Social Distortion: Athletes, Especially in College, Need to Get Off Social Media


By Derek Franks

It’s annoying enough when professional athletes act like a bunch of preteen girls over Twitter when they get upset about something or someone. But when college students are doing it, sports stars or not, it just doesn’t look good.

Texas A&M quarterback and defending Heisman trophy winner Johnny Manziel took to the social media site to express his misfortune and annoyance of fame by tweeting earlier this week: “Bulls*** like tonight is a reason why I can’t wait to leave college station…whenever it may be.”

He then followed up with: “Don’t ever forget that I love A&M with all of my heart, but please please walk a day in my shoes” before both posts were deleted.

The posts’ removal did not save him from damage. They were “retweeted” tens of thousands of times, understandable for a guy who has more than 361,000 followers.

With so many connected these days, the world is monitoring their every online move. It’s simple enough for the coaches and administrators to tell them “Watch what you say.” But things are easier said than done. There are no filters on these sites. With regards to Twitter, if you can say it in 140 characters or less, you’re going to say it. And thousands upon thousands are going to see it, even if it’s only on there for a brief moment.

So why are they on Twitter to begin with? A 2010 study of athletes’ use of social networks shows that “Although Twitter is offering fans unprecedented access to athletes, its potential as a marketing tool is not being realized by athletes. Most athletes are not tweeting about their products, providing links to their web sites or referencing brands that they use” (Pegoraro 2010).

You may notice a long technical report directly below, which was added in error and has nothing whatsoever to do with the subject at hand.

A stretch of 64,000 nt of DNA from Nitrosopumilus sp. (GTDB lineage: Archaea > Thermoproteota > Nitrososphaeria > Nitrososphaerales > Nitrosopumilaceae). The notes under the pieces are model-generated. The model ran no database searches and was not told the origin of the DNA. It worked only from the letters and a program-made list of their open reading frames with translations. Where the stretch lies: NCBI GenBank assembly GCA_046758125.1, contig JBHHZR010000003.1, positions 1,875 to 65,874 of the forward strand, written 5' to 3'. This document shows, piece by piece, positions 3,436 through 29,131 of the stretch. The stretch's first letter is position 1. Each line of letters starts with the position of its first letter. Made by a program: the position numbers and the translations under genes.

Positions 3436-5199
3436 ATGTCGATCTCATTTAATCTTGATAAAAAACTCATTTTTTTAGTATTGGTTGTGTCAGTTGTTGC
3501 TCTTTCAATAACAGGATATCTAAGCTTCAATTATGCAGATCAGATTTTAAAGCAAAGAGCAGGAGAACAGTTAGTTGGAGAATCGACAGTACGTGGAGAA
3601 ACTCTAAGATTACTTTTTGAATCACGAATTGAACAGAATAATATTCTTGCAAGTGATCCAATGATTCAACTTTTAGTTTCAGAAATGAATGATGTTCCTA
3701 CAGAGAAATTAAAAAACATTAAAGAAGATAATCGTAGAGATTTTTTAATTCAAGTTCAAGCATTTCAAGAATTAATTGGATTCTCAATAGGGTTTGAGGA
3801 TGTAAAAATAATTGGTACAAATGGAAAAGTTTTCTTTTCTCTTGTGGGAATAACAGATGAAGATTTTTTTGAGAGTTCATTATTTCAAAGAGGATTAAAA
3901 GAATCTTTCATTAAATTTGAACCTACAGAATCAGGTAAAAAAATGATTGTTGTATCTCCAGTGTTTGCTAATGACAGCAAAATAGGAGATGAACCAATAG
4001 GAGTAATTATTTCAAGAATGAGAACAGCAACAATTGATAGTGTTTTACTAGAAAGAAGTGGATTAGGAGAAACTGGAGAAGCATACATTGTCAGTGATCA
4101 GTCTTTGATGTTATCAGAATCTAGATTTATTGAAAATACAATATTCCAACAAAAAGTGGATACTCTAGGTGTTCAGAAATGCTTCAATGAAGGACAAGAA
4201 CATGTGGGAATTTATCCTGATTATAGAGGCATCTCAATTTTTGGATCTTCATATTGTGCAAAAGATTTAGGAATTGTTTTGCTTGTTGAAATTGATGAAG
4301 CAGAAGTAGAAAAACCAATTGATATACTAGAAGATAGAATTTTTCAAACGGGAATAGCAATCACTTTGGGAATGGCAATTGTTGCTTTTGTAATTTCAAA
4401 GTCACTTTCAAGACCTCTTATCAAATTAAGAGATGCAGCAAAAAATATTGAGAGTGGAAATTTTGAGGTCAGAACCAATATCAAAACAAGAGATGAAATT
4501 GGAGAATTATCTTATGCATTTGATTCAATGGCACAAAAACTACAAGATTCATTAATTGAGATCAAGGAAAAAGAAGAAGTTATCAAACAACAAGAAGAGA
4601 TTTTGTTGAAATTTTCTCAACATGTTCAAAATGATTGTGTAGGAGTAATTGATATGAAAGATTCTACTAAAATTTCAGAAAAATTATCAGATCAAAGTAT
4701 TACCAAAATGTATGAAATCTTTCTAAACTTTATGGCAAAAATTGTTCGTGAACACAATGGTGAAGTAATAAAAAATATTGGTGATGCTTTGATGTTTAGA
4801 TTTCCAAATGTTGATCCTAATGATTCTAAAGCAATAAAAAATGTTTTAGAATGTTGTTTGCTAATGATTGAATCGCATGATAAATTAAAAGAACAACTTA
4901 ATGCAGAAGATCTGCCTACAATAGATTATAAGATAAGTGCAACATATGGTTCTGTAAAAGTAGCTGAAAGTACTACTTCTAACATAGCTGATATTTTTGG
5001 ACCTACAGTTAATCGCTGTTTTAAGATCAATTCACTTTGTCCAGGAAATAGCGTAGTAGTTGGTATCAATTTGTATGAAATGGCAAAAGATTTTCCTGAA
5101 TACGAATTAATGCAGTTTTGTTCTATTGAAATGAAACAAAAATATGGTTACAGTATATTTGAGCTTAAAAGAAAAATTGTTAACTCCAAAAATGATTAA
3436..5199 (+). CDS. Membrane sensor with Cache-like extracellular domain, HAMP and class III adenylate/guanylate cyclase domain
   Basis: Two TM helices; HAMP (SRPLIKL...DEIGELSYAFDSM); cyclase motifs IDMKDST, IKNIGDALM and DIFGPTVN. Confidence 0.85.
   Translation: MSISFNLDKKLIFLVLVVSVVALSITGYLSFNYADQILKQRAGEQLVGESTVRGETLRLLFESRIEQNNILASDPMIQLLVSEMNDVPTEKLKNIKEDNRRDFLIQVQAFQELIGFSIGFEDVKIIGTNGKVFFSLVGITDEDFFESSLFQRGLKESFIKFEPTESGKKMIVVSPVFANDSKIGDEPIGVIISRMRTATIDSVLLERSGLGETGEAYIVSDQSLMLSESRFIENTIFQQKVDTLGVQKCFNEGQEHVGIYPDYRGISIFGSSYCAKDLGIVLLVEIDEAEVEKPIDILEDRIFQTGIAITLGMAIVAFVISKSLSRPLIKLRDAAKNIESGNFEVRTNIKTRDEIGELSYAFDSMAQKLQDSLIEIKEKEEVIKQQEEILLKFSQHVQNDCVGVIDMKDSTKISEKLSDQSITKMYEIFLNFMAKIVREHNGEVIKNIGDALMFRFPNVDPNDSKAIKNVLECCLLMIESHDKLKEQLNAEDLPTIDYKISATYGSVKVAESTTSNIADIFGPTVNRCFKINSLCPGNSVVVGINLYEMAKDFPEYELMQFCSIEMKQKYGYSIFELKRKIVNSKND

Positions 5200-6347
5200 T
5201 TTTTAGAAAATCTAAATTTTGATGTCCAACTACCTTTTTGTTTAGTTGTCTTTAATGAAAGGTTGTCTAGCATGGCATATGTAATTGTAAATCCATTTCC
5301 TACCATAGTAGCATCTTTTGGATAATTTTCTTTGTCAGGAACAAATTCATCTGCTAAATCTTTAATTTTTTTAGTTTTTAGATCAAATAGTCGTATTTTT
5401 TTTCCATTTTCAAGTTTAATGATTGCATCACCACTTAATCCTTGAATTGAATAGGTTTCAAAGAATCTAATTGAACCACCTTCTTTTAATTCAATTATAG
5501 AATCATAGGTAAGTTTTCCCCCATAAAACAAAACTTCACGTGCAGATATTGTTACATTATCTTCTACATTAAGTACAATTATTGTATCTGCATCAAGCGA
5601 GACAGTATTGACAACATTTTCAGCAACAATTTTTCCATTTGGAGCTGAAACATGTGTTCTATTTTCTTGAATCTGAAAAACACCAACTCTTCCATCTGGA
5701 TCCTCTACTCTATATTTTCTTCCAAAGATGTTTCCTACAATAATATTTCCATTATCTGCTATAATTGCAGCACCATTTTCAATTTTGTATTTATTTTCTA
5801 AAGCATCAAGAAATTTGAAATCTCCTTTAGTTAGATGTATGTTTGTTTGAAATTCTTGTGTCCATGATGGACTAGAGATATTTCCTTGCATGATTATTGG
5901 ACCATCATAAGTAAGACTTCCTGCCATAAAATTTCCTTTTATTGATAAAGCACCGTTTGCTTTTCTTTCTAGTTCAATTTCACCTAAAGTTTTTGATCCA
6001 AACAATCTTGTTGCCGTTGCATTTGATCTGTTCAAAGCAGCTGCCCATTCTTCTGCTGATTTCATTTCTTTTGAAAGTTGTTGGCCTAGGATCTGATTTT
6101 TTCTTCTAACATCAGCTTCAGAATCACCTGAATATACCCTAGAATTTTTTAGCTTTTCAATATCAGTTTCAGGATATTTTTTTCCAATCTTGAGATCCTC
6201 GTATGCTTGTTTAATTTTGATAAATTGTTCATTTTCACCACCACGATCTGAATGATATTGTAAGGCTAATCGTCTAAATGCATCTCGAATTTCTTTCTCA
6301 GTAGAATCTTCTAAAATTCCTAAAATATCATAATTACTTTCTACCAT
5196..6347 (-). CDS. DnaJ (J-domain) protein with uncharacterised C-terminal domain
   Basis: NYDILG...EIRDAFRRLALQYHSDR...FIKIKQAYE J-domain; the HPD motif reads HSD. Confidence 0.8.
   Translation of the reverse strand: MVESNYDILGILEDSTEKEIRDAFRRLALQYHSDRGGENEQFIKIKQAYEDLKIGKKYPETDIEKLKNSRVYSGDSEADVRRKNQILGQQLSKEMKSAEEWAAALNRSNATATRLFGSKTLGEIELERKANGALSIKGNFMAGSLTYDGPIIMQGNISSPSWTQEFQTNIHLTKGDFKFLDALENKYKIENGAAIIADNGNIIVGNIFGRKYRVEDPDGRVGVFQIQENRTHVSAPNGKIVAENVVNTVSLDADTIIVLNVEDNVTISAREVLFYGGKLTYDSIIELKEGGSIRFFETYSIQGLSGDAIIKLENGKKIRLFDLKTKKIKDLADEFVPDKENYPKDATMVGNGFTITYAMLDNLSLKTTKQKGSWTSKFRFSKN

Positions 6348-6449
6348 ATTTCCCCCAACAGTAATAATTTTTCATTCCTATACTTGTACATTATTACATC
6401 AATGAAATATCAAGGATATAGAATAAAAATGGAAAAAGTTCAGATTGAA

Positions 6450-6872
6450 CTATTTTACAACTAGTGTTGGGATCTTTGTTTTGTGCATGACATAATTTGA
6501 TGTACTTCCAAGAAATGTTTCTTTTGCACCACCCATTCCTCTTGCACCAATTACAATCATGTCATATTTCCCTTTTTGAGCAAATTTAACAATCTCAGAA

So then, they aren’t using it to advance their career. It’s for personal reasons. Basically a big microphone for them to cry into when they’re having a bad day.

Manziel’s candid remarks are understandable. It must be a nightmare for someone of his stature to walk even a minute in College Station, much less a day. But this issue is more than just athletes expressing their displeasure, whether or not it be justified. This is about the image of a football program and college athletics altogether. Think about it. What kind of impression does it leave on us to see a collegiate player saying that he can’t wait to get out of the town that worships the ground he walks on. What does it say about these players’ egos and their personal agenda?

It says a lot.

Something tells me that Johnny Football has bigger things on his mind than his career at Texas A&M. Hmm, maybe it was how he said “I can’t wait to leave” and that it is reinforced with a healthy dose of “I don’t care” by adding “whenever it may be.” It’s as if he’s just counting down the days to when he gets to see dollar signs rather than just Twitter followers.

Something tells me that most college athletes think the same way. But that is a different story.